Update 16/01/14: Quite ironically, literally days after publishing this review, I had lost my data, both offline and online. Everything was lost, from the game completion, medals earned and various statistics. During the time of writing this review, I honestly never experienced any of the problems that were reported. I knew they existed and what the gaming community had been saying, but I can’t write about something that never happened to me.
This is why I’ve updated this review, if at the time of writing my review, I had lost my data, my score would have been much different. Don’t get me wrong, I really enjoyed its campaign and its multiplayer modes, but even after publishing my review, the problems that I experienced cannot be ignored. On reflection from the post review problems that I have experienced, I would have scored Battlefield 4 7.0.
Set in the not too distant future of the year 2020, six years after the events of the Battlefield 3 campaign. You are Sgt. Daniel Recker, a member of the elite U.S Special Operation’s squad. Recker is thrown into an unexpected turn of events, his marine squad have signed up for far more than they bargained for and with tensions between Russia and the U.S being at an all time high, not to mention China is looking for any excuse to forge a new world war, they hold the worlds survival in the palm of their hands. With friction in the camp, it’s hard to trust everyone, but what choice do you have? Welcome new plague of warfare, welcome to Battlefield 4.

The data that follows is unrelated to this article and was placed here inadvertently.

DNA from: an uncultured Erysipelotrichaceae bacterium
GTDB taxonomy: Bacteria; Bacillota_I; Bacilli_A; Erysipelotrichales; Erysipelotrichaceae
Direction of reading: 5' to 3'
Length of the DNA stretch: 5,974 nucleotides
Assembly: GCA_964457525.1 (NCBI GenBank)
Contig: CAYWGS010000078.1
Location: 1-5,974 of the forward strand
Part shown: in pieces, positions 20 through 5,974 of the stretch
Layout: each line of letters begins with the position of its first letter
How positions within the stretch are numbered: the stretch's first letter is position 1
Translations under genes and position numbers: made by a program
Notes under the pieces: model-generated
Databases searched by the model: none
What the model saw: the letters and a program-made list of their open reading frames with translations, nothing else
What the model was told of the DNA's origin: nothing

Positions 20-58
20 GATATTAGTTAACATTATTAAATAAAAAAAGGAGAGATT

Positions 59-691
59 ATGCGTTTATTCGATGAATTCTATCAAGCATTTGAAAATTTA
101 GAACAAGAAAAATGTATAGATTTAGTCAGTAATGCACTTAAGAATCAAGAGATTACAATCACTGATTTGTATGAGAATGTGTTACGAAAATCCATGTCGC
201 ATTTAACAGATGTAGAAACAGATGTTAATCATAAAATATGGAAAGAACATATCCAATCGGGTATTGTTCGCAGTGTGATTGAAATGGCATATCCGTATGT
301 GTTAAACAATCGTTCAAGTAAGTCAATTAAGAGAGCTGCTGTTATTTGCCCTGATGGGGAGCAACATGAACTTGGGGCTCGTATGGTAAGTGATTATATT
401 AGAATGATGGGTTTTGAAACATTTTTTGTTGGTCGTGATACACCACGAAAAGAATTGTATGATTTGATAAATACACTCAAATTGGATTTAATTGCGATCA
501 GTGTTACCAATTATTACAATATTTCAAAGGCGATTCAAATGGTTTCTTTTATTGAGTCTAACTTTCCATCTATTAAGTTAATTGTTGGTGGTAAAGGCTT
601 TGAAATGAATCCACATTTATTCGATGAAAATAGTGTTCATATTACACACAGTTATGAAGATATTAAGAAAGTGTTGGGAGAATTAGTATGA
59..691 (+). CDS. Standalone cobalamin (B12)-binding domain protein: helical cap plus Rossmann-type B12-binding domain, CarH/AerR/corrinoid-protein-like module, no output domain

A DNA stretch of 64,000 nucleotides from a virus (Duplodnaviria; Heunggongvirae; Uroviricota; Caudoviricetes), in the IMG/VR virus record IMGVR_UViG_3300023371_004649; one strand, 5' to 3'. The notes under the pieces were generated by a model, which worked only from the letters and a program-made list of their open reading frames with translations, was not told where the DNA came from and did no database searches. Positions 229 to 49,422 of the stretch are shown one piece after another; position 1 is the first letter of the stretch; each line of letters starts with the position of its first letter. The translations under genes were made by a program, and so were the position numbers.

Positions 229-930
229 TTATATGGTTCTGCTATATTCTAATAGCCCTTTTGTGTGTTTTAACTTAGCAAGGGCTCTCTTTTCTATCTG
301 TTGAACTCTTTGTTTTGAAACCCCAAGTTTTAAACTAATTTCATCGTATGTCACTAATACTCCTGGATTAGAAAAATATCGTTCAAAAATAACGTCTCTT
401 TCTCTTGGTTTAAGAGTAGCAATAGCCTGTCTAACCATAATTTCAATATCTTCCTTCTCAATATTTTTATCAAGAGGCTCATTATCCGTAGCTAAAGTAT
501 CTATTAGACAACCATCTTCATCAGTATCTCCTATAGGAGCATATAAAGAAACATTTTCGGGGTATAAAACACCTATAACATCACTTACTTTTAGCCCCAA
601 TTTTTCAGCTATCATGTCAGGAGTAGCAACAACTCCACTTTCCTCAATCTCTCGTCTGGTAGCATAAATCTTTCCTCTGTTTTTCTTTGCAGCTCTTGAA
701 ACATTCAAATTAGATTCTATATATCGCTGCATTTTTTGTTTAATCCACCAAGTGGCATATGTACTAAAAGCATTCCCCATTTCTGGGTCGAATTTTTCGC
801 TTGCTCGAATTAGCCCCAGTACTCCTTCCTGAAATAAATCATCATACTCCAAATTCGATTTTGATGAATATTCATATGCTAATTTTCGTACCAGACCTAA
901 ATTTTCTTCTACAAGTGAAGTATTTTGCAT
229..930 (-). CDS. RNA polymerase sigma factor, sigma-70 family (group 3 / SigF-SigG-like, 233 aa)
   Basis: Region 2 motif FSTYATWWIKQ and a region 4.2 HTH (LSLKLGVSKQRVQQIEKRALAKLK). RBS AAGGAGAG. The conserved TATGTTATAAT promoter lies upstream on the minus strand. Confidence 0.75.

Graphics may not be everything, but with the new generation console you expect a certain minimum standard in the visuals department. Sadly not all games have hit the heights that some might expect and are clearly examples of games originally created on the last gen, reworked for the new gen. Running at 60fps Battlefield 4 is not one of those games and at times took my breath away with its amazing visuals, much like Killzone: Shadow Fall, visually this is a game worthy of the new gen.
One of the first aspects that you will notice is the stunning facial animation, while I am yet to play all the new gen games, this from what I have played so far is the standard on both the PS4 and Xbox One. It is at times simply uncanny the level of detail that has been created in Battlefield 4, one that you cannot not help but admire. You perhaps maybe forgiven in thinking that you are watching a high budget CGI movie with BF4’s high quality rendered cutscenes; it most certainly wouldn’t look out of place. You may think that’s a farfetched statement, but play this game on a new gen console or top end PC and I’m sure you might just agree.
Oddly (not that I am complaining), but Battlefield 4 is possibly one of the few games that I’ve ever seen in which the visuals actually look better in-game, rather than during an impressive cutscene. The level design, textures, destructible environments are a joy to behold. In my humble opinion, the visuals are at the very least on-par with Killzone: Shadow Fall, but when you add the destructible environments (powered by the new DICE engine), the amount of vehicles and weapons at your disposal; it might just surpass the PS4 exclusive title.